Of Profit and Pickles

OK, so maybe Licensing 6.0 wasn't such a stupid idea after all.

No relationship is perfect, right? Auntie had to remind herself of this last month, when Fabio sidetracked a perfectly reasonable discussion of the best way to organize the refrigerator by dropping a copy of the July 2002 MCP Magazine in her lap. “You’re not always right, Ms. Know-It-All,” was his comment on my perfectly splendid column in that issue. As you may recall, that was the one where, joining the rest of the International Union of Pundits, I predicted dark things about Microsoft’s attempt to coerce enterprise customers into its Licensing 6.0 scheme. This didn’t so much trump our little argument as sidetrack it, because the infuriating one pointed me at the Microsoft Investor Relations Web site (www.microsoft.com/msft/) and refused to say another word about his peculiar notions of pickle storage.

You’ve got to hand it to Microsoft—it’s not shy about sharing its financial results. You can download spreadsheets and documents and even PowerPoint presentations laying out all the details. Here’s the first fact to keep in mind about the colossus of Redmond: Its gross revenue for the three months ending Sept. 30, 2002 (the period during which Licensing 6.0 became mandatory) was $7.746 billion. That’s billion with a “B” or, to put it in terms that may be more comfortable for computer folks, gigabux. Let me translate that for you. Microsoft collected about $2,000 per month for every MCP on Earth.

And where did the money come from? Thirty-seven percent from Windows clients, 29 percent from the “Information Worker” category (primarily Office), 21 percent from Windows servers and about 13 percent from everything else. Office income, in particular, was up 26 percent from the prior year, fueled by “strong demand for Office XP through volume licensing programs.” That’s not a number that indicates corporations walking away. It appears that, faced with the choice of buying or switching, enough companies chose to buy, giving Microsoft yet another record quarter.

It’s fun (and sometimes scary) to ponder some of the other financial facts you can ferret out of the Microsoft Investor site:

MSN is up to 9 million subscribers and bringing in a tidy $400 million or so per quarter (up 23 percent from the previous year). Not bad for a service that was widely seen as sure to be crushed by AOL.

Home and entertainment revenues were huge—close to a billion dollars—in the quarter when Xbox launched a year ago. Since then, that part of the business hasn’t done so well, with revenue down to less than half that for the most recent quarter.

For all the noise that Microsoft makes about Pocket PC, it accounted for a minuscule (in Microsoft terms) $17 million revenue in the quarter.

Although revenue was up 26 percent from the previous year, the cost of revenue was up 36 percent. The increased emphasis on MSN, consulting and the Xbox all contributed to driving up costs.

The bottom line: Microsoft has just more than $40 billion in cash and short-term assets.

But reading the earnings announcements, slides and so on leads your dear Auntie to another conclusion: Microsoft isn’t feeling complacent about all that success. While Windows and Office accounted for 87 percent of the income, including that yummy boost from Licensing 6.0, the executives spend a lot of time talking about other aspects of the business. MSN, the recent purchases of Great Plains and Navision, Microsoft consulting and home entertainment are the areas that appear to be capturing the interest of management as of late.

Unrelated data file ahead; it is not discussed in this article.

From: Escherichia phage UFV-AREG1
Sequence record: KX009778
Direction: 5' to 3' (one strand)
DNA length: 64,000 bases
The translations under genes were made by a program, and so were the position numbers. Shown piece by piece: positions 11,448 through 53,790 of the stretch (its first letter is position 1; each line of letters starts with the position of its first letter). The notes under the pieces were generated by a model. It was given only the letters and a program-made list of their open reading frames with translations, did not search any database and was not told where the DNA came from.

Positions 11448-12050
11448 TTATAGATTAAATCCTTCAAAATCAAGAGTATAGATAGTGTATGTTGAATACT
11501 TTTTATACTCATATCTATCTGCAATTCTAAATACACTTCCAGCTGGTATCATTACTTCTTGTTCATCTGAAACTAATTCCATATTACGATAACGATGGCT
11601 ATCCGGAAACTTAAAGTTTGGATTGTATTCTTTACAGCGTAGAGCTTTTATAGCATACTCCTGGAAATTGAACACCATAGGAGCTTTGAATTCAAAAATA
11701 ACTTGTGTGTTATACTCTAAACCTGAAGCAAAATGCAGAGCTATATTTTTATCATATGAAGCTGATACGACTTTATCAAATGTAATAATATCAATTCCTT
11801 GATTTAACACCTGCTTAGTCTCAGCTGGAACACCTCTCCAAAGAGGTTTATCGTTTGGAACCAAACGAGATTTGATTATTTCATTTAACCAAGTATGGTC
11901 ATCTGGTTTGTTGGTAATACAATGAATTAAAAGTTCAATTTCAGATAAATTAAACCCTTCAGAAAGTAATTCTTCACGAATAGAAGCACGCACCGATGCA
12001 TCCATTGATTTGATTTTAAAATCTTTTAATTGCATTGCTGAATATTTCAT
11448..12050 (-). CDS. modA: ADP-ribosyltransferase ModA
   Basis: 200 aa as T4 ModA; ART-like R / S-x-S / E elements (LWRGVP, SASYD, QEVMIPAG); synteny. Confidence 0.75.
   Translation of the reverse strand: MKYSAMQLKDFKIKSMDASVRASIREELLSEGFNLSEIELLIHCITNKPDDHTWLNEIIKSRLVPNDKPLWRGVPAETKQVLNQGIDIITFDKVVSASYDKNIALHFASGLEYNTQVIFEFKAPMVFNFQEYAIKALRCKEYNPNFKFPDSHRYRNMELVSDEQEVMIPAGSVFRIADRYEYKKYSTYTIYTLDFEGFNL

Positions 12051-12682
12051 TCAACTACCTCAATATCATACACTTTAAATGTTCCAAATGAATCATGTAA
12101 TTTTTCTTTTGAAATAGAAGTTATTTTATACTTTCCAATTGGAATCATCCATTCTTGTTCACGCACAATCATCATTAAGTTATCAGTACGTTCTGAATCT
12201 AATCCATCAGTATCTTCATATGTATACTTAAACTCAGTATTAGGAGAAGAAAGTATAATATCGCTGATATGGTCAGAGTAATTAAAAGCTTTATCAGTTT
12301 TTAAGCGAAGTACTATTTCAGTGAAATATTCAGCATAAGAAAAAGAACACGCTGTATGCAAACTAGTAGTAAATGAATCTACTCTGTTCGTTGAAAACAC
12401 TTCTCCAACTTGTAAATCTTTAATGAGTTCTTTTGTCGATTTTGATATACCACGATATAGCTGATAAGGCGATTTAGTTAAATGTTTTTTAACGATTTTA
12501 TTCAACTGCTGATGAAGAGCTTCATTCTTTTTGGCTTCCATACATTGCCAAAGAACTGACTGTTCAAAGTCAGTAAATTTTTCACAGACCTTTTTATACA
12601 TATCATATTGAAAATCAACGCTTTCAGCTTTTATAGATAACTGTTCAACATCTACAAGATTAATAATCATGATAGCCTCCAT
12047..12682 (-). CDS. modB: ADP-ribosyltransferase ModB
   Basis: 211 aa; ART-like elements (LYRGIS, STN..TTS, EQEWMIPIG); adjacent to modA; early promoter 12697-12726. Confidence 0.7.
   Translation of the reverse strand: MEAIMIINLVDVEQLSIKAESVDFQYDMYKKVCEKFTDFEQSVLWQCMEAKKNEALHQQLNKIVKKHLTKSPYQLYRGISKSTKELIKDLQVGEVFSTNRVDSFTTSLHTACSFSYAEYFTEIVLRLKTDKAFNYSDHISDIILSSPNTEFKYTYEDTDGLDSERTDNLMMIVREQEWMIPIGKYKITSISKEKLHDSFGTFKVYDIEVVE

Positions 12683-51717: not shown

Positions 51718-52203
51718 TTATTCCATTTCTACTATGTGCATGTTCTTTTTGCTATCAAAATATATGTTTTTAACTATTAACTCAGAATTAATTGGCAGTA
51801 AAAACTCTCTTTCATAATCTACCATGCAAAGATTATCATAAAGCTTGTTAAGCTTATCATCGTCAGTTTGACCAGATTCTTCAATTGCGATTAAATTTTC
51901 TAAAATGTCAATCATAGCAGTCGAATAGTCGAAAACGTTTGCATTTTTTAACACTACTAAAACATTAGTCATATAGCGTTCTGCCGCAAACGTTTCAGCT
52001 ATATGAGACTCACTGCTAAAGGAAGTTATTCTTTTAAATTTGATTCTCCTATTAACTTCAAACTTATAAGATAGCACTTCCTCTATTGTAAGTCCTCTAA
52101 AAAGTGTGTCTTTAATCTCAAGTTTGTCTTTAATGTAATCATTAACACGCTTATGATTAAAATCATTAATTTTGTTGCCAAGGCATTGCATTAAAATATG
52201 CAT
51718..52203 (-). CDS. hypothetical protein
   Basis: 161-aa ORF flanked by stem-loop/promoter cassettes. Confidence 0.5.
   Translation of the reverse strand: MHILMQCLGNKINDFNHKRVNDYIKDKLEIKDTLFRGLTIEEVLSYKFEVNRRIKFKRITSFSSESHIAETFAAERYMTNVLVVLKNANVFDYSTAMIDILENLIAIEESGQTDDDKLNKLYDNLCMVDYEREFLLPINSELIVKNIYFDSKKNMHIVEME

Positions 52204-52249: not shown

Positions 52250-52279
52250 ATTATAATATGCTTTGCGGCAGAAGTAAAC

So perhaps they ought to get some of yours? Where’s the MCXbox credential, anyhow?

More seriously, if these bets are right, the smart people will make plenty of money consulting on Microsoft business applications.

By the way, the pickles go on the second shelf from the top, not on the door. Everyone knows that.

About the Author

Em C. Pea, MCP, is a technology consultant, writer and now budding nanotechnologist who you can expect to turn up somewhere writing about technology once again.

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Reader Comments:

Tue, Apr 15, 2003 Danny MCSA MCP A+ Net+ USA

That all sounds well and good...... for MS and it's shareholders. What about the buyers and users of it's products? How have they profited from all this change in licensing? I do believe that the Windows 2000 family is a nice change from NT but why the price gouging? No one should be forced to upgrade to XP/.Net/2003 architecture until it is in their own best finacial interest, not MS's. Didn't anyone in Redmond learn anything about monopolies by now?

Tue, Feb 4, 2003 PandL Cali

Network Slave is right on the money. MS lost money last q on its certification training support. Anonymous is just wrong wrong wrong and talking out the side of his mouth.

Thu, Jan 30, 2003 Anonymous Anonymous

Emma Darlin, your just too good. How about a date in New Orleans.

Thu, Jan 30, 2003 Network Slave Florida

Anonymous says that Microsoft is making a killing from certification while selling products that don't work. He obviously did not or cannot read the article.
The article did not even list certs as a blip on Microsofts's balance sheet. It did say that Microsoft is making the vast majority of it's money on the products that don't work...

Wed, Jan 29, 2003 Anonymous Anonymous

Microsoft is continuing to make a killing by forcing it's certified people to continuosly recertify on the "latest and greatest". This results in cash flow not only from testing, but from the instructional materials as well. All the while, the MS Sheep follow.....
No wonder MS is making so much money...!
Now if they could only build a product that worked!

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